“Streaming – Really?!”
You can call your bottom group the ‘Good Looking Long Leaping Antelopes’ or innocuous titles like Group G – you’re absolutely not fooling anyone. The Long Leaping Good Looking Antelopes and the kids of Group G know who they are – they’re the ‘thickheads’. We don’t want to see them as that or for them to see themselves as that, but the point is THEY DO. They must laugh at the fact that we try to hide who they are. They know who they are, and it hurts – a lot.
Rob shares his thoughts on streaming in classrooms and the negative impact it has on students, and offers a more effective alternative that won’t leave your ‘Good Looking Long Leaping Antelopes’ stuck at the bottom of the class. The full article can be found here.
“The Trench of Lost Momentum”
Here’s a little insight into how I organise an effective, engaging lesson.
This is a graph showing what an effective teaching lesson looks like versus an ineffective maths lesson. The red line shows a highly engaging and effective maths lesson with a high level of maintained momentum, while the grey line shows an inconsistent and mainly ineffective maths lesson, which starts with a high momentum that isn’t maintained and eventually leads to what I like to call the “Trench of Lost Momentum”.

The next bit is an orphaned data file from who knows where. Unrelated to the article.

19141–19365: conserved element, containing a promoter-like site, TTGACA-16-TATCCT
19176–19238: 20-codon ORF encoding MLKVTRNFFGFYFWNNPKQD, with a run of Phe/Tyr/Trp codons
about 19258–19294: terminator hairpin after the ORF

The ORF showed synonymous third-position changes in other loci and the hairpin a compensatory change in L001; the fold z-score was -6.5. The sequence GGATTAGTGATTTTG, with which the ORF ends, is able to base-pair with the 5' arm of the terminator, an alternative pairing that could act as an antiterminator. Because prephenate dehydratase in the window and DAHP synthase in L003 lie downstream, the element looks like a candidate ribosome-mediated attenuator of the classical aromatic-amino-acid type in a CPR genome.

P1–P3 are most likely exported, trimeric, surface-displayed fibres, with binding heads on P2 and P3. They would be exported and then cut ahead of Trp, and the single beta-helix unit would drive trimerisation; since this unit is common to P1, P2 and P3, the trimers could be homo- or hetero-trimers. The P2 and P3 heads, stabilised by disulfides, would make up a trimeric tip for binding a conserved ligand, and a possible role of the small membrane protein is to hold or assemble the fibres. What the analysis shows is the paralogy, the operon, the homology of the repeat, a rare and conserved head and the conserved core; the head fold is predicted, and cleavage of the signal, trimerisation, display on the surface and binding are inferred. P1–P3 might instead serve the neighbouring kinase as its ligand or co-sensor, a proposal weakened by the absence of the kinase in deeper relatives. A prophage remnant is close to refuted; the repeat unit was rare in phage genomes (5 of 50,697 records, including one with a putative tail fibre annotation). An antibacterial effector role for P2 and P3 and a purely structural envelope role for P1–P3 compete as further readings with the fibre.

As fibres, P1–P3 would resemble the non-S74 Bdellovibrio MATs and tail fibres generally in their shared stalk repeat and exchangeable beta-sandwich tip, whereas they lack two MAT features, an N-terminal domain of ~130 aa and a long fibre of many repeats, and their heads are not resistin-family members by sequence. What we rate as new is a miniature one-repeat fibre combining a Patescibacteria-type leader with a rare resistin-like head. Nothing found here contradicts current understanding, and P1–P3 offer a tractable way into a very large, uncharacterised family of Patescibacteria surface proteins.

1) Don’t lose the momentum and goodwill engendered by an engaging and fun warm-up.
2) The introduction to the student activity should be brief and concise – outline the task, state your expectation, and let the kids get on with it.
3) Too much teaching talk takes up invaluable kids’ doing time.
4) This is where you teach – during the student activity, not the introduction. Let the kids get started and teach at your points of need.
5) The Trench of Lost Momentum. No one digs this trench for you – you dig it for yourself by adopting a lecture-style teaching method that disengages and loses your kids, and loses your momentum!
6) Concise, doable, effective share/reflection task.